Beyond issues of presentation, it is possible that “culture”, in fact, disguises other forces at work, more amenable to change. How much of the Ghana’s stunted development is simply the result of bad policies? In many developing countries investors are unwilling to plan for the long-term because of the risks associated with political instability. What may appear to be cultural traits may, in fact, be behaviors shaped by economic incentives and thus amenable to change through changes in the underlying incentives. So, to take an example, the absence of a work ethic in the Soviet Union was not a reflection of some ingrained cultural trait, but rather was a natural response to an environment in which wage differentials were extremely narrow, promotion was not linked to performance, and life-time employment was more or less guaranteed. People’s behaviour at work was totally consistent with this particular set of dis-incentives.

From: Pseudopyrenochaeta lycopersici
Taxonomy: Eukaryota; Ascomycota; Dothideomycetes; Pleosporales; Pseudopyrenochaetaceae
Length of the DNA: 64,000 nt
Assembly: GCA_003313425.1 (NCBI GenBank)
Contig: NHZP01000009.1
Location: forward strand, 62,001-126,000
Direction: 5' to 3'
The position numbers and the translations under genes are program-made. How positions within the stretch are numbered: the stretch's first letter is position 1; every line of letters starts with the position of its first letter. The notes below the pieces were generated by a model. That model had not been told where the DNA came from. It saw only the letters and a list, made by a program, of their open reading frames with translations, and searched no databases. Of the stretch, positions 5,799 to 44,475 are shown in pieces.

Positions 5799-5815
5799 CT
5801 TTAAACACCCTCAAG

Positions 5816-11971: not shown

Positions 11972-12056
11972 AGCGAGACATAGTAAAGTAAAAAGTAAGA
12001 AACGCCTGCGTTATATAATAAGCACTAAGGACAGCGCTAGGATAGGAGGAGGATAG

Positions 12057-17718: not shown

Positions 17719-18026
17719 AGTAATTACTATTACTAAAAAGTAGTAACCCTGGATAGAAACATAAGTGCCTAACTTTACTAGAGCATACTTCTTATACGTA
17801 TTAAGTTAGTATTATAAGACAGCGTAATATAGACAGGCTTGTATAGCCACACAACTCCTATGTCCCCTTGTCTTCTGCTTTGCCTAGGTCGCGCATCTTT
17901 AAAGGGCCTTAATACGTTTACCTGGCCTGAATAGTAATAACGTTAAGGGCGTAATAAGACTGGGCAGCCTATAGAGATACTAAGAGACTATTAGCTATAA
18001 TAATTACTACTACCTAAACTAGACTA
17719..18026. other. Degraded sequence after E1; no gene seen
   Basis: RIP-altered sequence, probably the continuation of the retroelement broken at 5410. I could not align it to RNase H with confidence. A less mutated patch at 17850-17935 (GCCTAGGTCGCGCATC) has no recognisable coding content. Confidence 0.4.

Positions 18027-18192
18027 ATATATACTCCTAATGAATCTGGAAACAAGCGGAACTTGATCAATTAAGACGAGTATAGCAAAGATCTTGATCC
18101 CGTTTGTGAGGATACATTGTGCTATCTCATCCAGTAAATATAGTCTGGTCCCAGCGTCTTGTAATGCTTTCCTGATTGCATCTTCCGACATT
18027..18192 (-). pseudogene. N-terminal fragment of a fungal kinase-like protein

Sachs (2000) identifies a number of factors which have fundamentally affected development in various parts of the world and can be detached from conceptions of culture. He notes, for instance, the (dis)advantages of geography, such as access to natural resources, being landlocked or part of a poor, volatile neighborhood. Easterly (2006) discusses the heavy burden on Africa associated with the historically arbitrary demarcation of international borders. Poverty may have more to do with geography and climate, with natural resource management, and with the toxic interactions between ethnic diversity and artificial borders, than with purely cultural factors.